An awesome shot from our retreat!
If you are planning your company’s next in-person retreat, you are probably facing a mountain of questions about how to prepare and what you should aim to accomplish. Trust me, I’ve been there! There is so much to do both before and after that this post is part one in a two-part series about what to do both before and after your company’s retreat.
In October, Spark Point gathered for our first post-pandemic, in-person staff retreat. Planning this gathering in the age of remote work and COVID precautions can be challenging. It certainly doesn’t help that if you look to the internet for tips and tricks on how to plan a company retreat, you are presented with endless listicles of generic advice that probably doesn’t fit your needs! Below are some takeaways from our retreat planning that I hope will help you build an experience that is productive, memorable, and meaningful to your organization and staff.
- Get interactive feedback from your staff beforehand
Conventional wisdom says that it’s best to share a survey in advance of a retreat to gather ideas about content and other elements, but this approach is limiting. Yes, you should send a pre-retreat survey, but not about the content. Your pre-retreat survey should only include logistical questions like scheduling, location, food allergies, vaccination proof, transportation needs, etc.
Instead, assign one staffer (ideally someone in operations or who works across organizational silos) to develop department-specific interview questions that are distributed to staffers in advance of a one-on-one interview. The assigned staffer should interview each team member (or select team members from each team) about what they hope to get out of the retreat and what sticky issues need to be addressed. This encourages more open sharing and active engagement compared to a static survey that is easy to ignore or rush through.
For our retreat, I asked our new Managing Director, who started in September, to spend her first month interviewing each team member as a part of her onboarding process. She crafted questions for each interview based on her knowledge of each person’s role, then used those interviews to identify themes that informed the agenda for our retreat, ensuring that we addressed the most important issues at the retreat. The responses and themes from the interviews deeply informed our final retreat agenda and schedule. If you’d like a template of the questionnaire we used for our pre-retreat conversations, click here!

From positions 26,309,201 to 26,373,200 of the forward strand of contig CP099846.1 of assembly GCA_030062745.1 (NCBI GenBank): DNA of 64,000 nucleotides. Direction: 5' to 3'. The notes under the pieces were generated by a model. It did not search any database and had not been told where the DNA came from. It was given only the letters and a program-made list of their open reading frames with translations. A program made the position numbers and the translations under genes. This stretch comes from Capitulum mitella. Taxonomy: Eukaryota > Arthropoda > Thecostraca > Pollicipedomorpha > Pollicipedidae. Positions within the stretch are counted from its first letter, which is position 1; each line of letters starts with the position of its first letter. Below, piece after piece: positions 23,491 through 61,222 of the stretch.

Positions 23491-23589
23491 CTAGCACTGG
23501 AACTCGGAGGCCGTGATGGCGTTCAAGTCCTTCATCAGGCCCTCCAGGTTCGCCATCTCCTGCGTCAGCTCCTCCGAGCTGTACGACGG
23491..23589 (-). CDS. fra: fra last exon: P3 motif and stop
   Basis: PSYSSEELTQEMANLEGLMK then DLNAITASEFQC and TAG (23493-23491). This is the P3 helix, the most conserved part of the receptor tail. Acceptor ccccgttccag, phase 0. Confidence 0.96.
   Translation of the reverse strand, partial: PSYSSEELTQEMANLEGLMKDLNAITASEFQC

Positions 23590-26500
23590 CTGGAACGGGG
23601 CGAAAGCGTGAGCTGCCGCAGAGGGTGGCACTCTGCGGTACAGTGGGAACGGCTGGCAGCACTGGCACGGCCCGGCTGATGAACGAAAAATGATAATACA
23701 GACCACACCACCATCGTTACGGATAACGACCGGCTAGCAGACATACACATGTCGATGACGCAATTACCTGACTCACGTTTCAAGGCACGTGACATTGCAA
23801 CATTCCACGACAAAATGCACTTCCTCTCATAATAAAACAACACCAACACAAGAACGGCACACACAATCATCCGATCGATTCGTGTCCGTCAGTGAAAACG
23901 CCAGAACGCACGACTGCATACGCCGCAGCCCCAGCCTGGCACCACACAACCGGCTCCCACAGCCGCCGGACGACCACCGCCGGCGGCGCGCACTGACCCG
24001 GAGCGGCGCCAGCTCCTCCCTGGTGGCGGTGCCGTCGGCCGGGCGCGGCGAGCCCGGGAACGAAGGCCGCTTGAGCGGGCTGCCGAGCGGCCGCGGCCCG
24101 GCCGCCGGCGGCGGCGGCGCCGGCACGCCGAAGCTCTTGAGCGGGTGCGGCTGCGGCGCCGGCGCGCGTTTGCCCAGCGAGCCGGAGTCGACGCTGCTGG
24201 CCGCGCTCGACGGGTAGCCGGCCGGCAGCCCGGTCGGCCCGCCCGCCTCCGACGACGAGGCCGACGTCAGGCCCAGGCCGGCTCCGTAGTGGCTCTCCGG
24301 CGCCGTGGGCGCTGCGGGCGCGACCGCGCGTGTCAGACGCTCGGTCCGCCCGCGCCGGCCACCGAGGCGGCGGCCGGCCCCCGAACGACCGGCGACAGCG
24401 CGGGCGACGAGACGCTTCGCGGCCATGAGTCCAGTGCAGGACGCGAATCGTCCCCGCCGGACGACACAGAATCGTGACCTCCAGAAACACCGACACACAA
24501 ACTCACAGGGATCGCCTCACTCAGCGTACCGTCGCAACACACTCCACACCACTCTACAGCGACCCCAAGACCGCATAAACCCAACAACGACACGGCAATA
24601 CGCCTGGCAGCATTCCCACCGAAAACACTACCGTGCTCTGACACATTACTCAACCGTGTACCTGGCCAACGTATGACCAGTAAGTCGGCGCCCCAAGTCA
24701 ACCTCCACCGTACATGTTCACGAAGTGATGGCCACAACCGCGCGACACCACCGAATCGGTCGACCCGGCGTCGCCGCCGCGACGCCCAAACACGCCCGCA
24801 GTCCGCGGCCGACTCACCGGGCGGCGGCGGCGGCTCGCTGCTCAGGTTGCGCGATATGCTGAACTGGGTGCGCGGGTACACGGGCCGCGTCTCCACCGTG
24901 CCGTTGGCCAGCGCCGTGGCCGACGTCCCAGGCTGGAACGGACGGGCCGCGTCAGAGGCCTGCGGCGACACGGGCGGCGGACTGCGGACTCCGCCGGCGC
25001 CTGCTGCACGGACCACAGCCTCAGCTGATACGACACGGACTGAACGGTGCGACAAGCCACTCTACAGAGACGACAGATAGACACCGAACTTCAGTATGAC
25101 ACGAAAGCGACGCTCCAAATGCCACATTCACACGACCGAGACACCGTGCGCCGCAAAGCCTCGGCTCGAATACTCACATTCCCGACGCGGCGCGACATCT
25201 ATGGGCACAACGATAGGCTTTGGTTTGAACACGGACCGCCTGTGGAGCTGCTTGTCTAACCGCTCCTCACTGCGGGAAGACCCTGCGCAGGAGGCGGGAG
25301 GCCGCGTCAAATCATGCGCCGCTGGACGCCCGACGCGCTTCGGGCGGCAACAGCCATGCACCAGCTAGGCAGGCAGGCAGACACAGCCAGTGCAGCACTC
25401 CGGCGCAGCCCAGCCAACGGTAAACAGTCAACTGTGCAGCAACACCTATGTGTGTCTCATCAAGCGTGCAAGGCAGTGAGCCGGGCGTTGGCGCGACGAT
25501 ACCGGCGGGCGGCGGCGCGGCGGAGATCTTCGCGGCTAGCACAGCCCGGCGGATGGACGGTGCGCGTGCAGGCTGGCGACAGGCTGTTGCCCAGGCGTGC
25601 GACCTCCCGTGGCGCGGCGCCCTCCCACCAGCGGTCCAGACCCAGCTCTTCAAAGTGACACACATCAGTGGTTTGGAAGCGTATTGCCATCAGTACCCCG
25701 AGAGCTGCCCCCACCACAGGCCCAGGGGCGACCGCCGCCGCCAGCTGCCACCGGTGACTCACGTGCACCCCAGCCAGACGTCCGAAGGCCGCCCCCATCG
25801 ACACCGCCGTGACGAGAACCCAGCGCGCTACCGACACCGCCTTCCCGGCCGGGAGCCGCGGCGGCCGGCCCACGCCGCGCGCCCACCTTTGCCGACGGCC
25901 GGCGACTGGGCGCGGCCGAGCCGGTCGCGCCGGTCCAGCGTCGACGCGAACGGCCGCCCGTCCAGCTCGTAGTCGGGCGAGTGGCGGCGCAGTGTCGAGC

- No work during the retreat
Nothing kills the vibe of a work retreat like…work! Get your retreat on the calendar as early as possible so that your staff has plenty of time to meet deadlines and complete deliverables in advance of the trip. Additionally, external partners and clients should be given no less than two weeks’ notice that you and your staff will be unreachable during the retreat. To really seal the deal, everyone should put up an out-of-office message conveying that they should only be contacted in case of an emergency. Although this can be scary, Spark Point has found that clients and external partners alike respond positively to firm boundaries and thus feel more comfortable communicating their own boundaries when they need them.
- Build in time for fun and rest
Night owls, extroverts, morning joggers, don’t-talk-to-me-before-I-have-had-my-coffee – there is no telling the range of personalities and preferences that exist in your staff! Thus, your itinerary needs to model your company’s working hours. For Spark Point, that’s 10AM – 6PM EST. At our retreat, the time before and after this block was largely protected for independent activity or structured group activities like group dinners and games (always with a hard stop!). By honoring your staff’s outside-of-work preferences, you’ll foster an environment that is open and respectful, all while getting to learn about one another. At Spark Point’s retreat, one staffer was waking up barely 20 minutes in advance of the first session while another had already run several miles when they showed up!
- Distribute responsibility
As the leader of your organization, you will likely shoulder the heaviest burden in planning, budgeting for, and executing your retreat. But, don’t be afraid to ask others to help! If you opt to bring in an outside facilitator, this step may not be necessary. However, in the interests of budget and time, I chose to ask my teammates to help with facilitating various sessions. Because we did the interviews at the beginning of the process, the topics on the agenda were relevant to everyone, not just leadership. This made it easier to ask people to engage in planning and facilitating conversations.